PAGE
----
Updated: clarified pseudo code

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Re: Building html site maps
by CountZero (Bishop) on Jan 30, 2005 at 14:26 UTC
    As it happens I am just reading the O'Reilly "Badger" book about the Template Toolkit which devotes the whole of Chapter 11 to Managing Static Webpages.

    I think it will be perfectly suited for your purpose.

    On the O'Reilly site you can read Chapter 2 which deals with basic static web-sites with TT2. You will need some advanced techniques though (they are in Chapter 11).

    CountZero

    "If you have four groups working on a compiler, you'll get a 4-pass compiler." - Conway's Law

Re: Building html site maps
by punkish (Priest) on Jan 30, 2005 at 15:52 UTC
    It is a static web site updated up to 4 times a day. Rebuilding all the site maps every time is easier, in my opinion than trying to update them.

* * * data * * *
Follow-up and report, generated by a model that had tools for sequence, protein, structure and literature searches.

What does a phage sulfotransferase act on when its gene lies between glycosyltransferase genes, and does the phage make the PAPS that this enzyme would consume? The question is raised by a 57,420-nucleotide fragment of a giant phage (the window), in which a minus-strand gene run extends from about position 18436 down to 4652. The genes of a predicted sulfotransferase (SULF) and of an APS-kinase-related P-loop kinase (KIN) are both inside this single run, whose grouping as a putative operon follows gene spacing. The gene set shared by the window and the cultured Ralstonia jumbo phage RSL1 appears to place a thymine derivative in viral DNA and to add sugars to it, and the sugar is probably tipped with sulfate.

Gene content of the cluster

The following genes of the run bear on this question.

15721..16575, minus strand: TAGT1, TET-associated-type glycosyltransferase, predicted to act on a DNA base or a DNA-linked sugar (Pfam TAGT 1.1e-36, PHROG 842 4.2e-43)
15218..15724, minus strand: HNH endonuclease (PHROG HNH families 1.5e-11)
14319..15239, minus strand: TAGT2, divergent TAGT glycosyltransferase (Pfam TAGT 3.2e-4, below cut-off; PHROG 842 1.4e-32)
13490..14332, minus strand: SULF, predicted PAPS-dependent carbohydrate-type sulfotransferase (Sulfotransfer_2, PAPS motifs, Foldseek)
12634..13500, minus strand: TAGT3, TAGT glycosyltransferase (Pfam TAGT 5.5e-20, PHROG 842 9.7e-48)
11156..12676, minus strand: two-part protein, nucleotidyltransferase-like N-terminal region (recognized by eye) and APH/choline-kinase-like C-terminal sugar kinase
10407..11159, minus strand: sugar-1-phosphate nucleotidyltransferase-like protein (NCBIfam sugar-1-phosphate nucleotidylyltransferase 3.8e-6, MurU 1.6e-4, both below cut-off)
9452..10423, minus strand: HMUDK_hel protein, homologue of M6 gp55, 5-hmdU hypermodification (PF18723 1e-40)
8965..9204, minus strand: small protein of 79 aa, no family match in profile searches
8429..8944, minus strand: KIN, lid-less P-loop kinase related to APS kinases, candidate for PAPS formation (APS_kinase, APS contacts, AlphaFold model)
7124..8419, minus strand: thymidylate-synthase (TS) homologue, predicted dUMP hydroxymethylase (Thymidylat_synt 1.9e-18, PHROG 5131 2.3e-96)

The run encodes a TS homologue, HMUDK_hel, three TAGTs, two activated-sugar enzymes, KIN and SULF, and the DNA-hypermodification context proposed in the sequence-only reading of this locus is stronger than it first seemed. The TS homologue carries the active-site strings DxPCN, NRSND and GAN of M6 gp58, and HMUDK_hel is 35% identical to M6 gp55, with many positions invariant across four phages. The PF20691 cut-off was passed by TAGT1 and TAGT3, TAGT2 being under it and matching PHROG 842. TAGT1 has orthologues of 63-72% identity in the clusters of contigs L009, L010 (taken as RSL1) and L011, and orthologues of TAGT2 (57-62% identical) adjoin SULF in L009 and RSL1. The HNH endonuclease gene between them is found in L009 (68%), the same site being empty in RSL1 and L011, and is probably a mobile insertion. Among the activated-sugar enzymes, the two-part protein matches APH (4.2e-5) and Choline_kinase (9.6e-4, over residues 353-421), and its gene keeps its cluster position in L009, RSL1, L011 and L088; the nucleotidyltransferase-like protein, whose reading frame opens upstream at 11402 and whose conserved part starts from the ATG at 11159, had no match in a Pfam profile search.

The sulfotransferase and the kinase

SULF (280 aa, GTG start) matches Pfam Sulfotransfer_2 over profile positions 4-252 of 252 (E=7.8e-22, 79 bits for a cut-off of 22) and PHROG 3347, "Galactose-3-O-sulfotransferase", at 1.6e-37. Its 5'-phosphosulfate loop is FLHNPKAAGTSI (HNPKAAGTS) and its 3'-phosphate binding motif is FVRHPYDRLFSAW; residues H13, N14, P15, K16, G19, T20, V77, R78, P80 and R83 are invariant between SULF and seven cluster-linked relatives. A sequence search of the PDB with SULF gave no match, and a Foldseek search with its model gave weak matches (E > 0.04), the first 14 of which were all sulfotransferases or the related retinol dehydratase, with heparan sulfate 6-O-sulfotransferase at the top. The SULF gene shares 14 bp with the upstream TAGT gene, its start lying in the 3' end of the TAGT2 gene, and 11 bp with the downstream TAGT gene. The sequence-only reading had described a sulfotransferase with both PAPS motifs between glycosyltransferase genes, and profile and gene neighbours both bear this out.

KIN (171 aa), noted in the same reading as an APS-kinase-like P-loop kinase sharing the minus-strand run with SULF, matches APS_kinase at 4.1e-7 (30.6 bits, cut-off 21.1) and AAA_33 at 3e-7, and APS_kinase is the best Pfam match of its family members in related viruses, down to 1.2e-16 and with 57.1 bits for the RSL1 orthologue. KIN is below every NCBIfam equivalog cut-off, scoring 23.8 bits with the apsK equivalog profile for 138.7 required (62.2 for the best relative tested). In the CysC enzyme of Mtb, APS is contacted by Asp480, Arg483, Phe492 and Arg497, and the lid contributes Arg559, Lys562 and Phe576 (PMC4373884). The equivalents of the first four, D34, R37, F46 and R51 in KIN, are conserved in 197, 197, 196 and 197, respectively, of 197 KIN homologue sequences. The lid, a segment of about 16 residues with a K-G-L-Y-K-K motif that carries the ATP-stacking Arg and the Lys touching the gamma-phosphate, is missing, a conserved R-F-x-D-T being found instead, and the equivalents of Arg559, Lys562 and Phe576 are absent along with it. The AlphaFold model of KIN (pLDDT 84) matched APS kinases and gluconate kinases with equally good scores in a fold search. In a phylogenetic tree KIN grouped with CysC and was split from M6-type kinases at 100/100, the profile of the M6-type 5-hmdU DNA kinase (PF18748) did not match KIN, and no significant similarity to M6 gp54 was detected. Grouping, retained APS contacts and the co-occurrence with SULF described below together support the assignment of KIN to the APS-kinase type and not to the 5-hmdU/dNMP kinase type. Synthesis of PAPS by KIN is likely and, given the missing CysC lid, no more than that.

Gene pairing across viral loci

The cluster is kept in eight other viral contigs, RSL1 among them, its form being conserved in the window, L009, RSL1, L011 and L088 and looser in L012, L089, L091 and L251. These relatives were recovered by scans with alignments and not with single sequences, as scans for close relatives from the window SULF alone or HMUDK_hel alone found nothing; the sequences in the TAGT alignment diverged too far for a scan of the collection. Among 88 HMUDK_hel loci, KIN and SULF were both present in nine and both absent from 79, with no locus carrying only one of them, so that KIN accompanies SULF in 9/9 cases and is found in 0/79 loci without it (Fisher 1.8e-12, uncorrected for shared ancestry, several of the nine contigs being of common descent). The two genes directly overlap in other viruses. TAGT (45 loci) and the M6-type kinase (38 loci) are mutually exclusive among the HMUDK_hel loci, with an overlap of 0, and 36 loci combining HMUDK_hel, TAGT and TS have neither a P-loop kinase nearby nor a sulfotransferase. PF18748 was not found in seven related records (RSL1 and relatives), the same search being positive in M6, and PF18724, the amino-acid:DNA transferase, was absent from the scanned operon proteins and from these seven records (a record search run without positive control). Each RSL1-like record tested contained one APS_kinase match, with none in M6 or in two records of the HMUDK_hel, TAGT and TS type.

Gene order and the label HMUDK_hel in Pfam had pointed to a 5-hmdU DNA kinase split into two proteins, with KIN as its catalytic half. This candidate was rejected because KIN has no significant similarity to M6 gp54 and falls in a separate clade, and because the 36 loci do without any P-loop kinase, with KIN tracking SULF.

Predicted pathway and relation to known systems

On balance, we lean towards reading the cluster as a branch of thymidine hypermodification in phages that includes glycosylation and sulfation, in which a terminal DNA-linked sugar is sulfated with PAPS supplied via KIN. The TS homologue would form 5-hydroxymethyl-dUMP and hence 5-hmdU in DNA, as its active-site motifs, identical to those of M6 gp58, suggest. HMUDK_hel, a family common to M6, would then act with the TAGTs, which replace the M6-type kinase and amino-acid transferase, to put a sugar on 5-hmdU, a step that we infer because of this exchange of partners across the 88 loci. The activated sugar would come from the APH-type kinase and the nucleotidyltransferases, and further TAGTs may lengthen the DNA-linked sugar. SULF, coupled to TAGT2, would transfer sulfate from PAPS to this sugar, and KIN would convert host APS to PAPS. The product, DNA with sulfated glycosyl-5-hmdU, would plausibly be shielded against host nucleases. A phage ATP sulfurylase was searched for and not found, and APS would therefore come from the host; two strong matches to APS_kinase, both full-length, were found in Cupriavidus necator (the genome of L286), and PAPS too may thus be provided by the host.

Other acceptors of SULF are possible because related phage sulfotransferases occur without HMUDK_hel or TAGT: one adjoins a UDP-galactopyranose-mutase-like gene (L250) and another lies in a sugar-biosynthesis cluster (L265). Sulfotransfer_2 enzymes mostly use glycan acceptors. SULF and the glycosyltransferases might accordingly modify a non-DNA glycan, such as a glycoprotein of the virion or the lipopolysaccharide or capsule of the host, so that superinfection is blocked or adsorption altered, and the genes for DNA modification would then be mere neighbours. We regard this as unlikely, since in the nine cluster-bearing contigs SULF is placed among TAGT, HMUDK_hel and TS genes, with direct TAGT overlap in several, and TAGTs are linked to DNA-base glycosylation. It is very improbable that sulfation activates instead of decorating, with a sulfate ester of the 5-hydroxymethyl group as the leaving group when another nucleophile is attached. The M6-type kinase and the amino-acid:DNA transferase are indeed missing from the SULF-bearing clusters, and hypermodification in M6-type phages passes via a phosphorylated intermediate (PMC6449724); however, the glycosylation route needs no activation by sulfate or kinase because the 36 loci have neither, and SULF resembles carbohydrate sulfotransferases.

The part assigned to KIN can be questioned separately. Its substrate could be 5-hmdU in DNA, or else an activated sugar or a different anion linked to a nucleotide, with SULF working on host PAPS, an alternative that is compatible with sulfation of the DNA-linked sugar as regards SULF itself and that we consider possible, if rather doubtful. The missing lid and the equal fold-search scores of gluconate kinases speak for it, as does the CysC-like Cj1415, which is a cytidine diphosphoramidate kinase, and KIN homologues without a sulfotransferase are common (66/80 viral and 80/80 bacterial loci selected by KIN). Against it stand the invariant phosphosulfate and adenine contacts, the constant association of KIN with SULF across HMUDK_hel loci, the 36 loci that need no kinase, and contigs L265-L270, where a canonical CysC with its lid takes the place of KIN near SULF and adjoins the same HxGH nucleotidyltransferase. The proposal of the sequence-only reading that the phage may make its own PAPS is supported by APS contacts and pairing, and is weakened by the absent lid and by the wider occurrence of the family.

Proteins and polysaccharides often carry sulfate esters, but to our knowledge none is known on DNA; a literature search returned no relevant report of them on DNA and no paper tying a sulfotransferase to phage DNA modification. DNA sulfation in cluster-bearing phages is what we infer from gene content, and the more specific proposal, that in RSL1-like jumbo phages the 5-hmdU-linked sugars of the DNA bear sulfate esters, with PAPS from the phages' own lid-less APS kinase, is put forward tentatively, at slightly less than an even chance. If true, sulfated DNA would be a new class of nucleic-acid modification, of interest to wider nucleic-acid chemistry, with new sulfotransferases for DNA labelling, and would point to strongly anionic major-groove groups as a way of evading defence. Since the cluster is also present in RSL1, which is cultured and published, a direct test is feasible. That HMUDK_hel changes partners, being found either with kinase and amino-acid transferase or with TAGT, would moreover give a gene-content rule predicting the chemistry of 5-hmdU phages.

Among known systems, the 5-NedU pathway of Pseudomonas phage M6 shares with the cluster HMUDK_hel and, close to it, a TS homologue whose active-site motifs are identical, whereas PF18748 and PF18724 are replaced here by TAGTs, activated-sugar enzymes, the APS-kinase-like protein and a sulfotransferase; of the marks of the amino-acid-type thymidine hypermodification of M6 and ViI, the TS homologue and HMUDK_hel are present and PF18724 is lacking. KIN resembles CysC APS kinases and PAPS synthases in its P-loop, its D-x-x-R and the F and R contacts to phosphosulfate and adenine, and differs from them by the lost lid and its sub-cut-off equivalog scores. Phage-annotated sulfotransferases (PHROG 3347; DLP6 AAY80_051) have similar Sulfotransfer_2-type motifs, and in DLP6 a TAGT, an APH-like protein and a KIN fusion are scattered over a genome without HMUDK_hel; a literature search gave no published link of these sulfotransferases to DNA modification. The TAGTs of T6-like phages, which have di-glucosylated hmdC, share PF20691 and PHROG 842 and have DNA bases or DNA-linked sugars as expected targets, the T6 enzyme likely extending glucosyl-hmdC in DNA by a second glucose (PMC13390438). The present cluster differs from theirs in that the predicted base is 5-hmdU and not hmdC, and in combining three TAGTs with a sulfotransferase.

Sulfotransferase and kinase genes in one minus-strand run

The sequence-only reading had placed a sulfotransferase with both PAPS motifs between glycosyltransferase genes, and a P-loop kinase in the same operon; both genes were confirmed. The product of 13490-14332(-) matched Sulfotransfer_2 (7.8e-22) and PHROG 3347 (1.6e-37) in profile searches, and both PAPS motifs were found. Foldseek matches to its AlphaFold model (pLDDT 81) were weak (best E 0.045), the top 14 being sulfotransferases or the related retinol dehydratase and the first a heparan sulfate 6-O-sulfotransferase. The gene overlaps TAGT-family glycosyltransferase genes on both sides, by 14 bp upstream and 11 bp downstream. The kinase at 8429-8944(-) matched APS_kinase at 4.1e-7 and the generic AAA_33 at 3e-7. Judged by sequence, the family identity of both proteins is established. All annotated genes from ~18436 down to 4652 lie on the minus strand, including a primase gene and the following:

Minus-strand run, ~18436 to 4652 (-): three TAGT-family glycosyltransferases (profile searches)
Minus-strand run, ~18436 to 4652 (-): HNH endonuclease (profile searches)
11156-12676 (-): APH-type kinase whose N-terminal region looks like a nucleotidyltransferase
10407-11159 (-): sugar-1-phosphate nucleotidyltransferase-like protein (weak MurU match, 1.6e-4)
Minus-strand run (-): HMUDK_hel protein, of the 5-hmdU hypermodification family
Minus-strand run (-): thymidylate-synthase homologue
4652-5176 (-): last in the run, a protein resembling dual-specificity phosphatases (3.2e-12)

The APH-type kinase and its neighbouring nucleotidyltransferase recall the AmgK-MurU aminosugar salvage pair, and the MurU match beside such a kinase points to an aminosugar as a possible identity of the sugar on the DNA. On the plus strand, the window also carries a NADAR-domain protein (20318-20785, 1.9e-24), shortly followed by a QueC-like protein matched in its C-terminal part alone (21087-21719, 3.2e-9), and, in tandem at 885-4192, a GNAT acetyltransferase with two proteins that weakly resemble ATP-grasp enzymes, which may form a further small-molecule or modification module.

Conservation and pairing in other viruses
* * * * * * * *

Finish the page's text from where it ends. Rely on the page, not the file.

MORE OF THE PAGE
Don't quite understand the above sentence. What is the difference between "rebuilding al the site maps every time" and "trying to update them."?

    That aside, H::T can do the job for you happily whether you want to dynamically build your site on every hit, or you want to build static versions periodically. Just write to a file in the case of the latter. I do that with a website I've built that doesn't get updated that often.

    One generic template page with TMPL_LOOP within TMPL_LOOP will work happily for you. After that you can muck around with the physical looks of the page as you please.

    I like H::T for its sheer simplicity, and very little provision for logic on the display side. That helps enforce a clear MVC separation. With a little bit of care, you can eliminate all display-side logic.

    And, it is very fast.

    I have looked at HTML::Template and believe that although it could be used I'm afraid it would be very difficult to maintain.
    Any particular reason behind that thinking you want to share?
      punkish

      Thanks for your quick reply and apologies for my late response (the day job!).